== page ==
By establishing the first registered distillery in the country, Jack Daniel built his success on two fundamental ingredients: identifying a need in the community and crafting a quality process to satisfy that need. Today, Gentleman Jack Tennessee Whiskey honors the makers who follow this time-honored success model of finding the sweet spot of where demand and innovation intersect.


Reda Hicks has been a staple in Houston’s law community since 2005. Over the past 13 years that she’s lived and worked in the city, Hicks has organized advocacy groups for military vets and active service members, kick-started voting initiatives for the city’s chapter of League of Women Voters, and started her own consulting company focused on public policy issues like community development, transportation and environmental protection.


But when she took the stage at the Pitch Distilled Houston competition in April, she took the stage not as an attorney, but as an entrepreneur. 


“Advocating someone else’s case is very different from trying to sell yourself,” she says.


But she won over her “ jury” in the end. Hicks took home the top prize after selling the Pitch Distilled audience on her idea for GotSpot, a company which pairs local entrepreneurs with business owners to better utilize the city’s surplus of unused space, including restaurants and office buildings.


A Storm of Inspiration


GotSpot’s roots trace back years in Hicks’ mind, but nothing truly materialized until 2017, when Hurricane Harvey came ashore. Hicks has spent nearly four years as an in-house attorney in the Houston office of a global shipping and logistics company, and after the storm, she found herself fielding a swarm of phone calls from Houstonites looking for help and, more specifically, space.


“Where do we put people? Where do we put relief goods? Where can we stage emergency response?” Hicks remembers people asking. “It struck me because it was all here, it all exists in Houston and no one could find what they needed. And that’s when it hit me that it wasn’t just a need – it was an urgent need.”


Hicks had kicked around the idea of creating a hub for space-seekers before, but she had been too afraid to take the first steps. The technology, in particular, was daunting to someone without a background of building user-friendly and reliable websites. But the city’s call for help pushed her past the point of fear and into action. Hicks quickly called on her local connections to see if the idea was viable, and found that it was. 


Who Needs Space?


Even after the immediate need generated by the hurricane, business owners were still looking to better utilize their space and make a profit from downtime during slower hours. Meanwhile, entrepreneurs otherwise working from home needed public spaces to better advance their businesses. GoSpot was starting to take shape.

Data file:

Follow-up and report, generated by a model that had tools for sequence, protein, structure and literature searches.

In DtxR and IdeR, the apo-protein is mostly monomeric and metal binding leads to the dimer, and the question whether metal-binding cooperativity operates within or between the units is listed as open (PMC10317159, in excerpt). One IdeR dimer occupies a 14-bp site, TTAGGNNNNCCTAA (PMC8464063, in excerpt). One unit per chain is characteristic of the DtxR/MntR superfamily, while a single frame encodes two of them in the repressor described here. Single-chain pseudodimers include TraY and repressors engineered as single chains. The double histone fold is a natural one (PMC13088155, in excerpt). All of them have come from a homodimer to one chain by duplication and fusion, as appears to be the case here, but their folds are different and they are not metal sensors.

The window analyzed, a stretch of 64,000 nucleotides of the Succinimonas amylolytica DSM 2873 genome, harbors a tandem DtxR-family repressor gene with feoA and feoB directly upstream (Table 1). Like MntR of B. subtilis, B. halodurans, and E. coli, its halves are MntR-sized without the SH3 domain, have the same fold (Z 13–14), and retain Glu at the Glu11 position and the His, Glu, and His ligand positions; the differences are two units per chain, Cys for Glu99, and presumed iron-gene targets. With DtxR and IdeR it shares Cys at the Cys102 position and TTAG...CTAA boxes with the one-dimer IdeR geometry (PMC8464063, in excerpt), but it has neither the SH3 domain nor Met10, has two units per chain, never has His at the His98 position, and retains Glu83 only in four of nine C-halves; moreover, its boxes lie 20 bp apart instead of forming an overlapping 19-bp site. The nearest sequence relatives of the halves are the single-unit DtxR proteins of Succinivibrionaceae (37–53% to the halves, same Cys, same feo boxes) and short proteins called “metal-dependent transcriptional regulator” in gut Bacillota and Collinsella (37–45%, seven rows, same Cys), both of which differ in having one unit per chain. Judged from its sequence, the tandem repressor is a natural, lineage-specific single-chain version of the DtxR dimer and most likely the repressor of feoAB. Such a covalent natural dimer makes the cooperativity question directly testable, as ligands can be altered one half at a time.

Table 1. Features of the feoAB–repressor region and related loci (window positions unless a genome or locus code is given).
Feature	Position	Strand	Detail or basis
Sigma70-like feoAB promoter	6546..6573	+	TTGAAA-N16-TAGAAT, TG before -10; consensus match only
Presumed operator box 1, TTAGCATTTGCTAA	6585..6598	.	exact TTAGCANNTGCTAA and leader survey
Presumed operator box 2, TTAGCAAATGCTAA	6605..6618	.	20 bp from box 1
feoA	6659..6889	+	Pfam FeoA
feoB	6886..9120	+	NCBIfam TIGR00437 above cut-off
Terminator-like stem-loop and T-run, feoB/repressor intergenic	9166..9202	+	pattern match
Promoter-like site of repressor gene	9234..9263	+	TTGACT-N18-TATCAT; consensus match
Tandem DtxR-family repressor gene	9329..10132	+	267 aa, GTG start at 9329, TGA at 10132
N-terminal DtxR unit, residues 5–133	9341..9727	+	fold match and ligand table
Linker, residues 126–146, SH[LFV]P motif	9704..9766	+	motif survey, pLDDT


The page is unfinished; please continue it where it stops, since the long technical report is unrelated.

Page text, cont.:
Hicks connected with some of her friends in tech, and the group cooked up a prototype for a public-facing site that Hicks hopes will resemble the functionality and friendly approach of AirBnb. She plans to launch the site in the fall.


Although Hicks hopes GotSpot will ultimately help people in Houston looking for space for any need, her current focus is on the B2B market. Can the burgeoning pastry chef book an unused kitchen at the local culinary institute? Can a yoga teacher take his classes out of the garage and into an unused studio? Can a work-at-home lawyer offer a seminar to her clients in a community college classroom?


Business owners have been more than receptive to the idea, because there is no charge to list an unused space on GotSpot. And entrepreneurs are constantly looking for ways to expand their business out of the home, but they often aren’t familiar with the resources available just down the block.


“The community response has been very positive,” Hicks says. “So positive, in fact, that I’ve received calls from about a dozen other big and small cities about doing something similar to our project.”


She adds that she’ll use the prize money earned at Pitch Distilled to hire the best Houston-based developers and designers she can. She’s hopeful the final site will offer space-holders and space-seekers the opportunity to easily connect, review experiences, schedule appointments and make business transactions.


Hicks’ long-standing connections in the Houston area have already yielded a wealth of commercial spaces she wanted; now, she just has to give her customers the best experience possible.


Visit Pitch Distilled to read more inspiring entrepreneurial stories and learn how distilling your business model can lead to success.


This article was produced by WIRED Brand Lab in partnership with Gentleman Jack.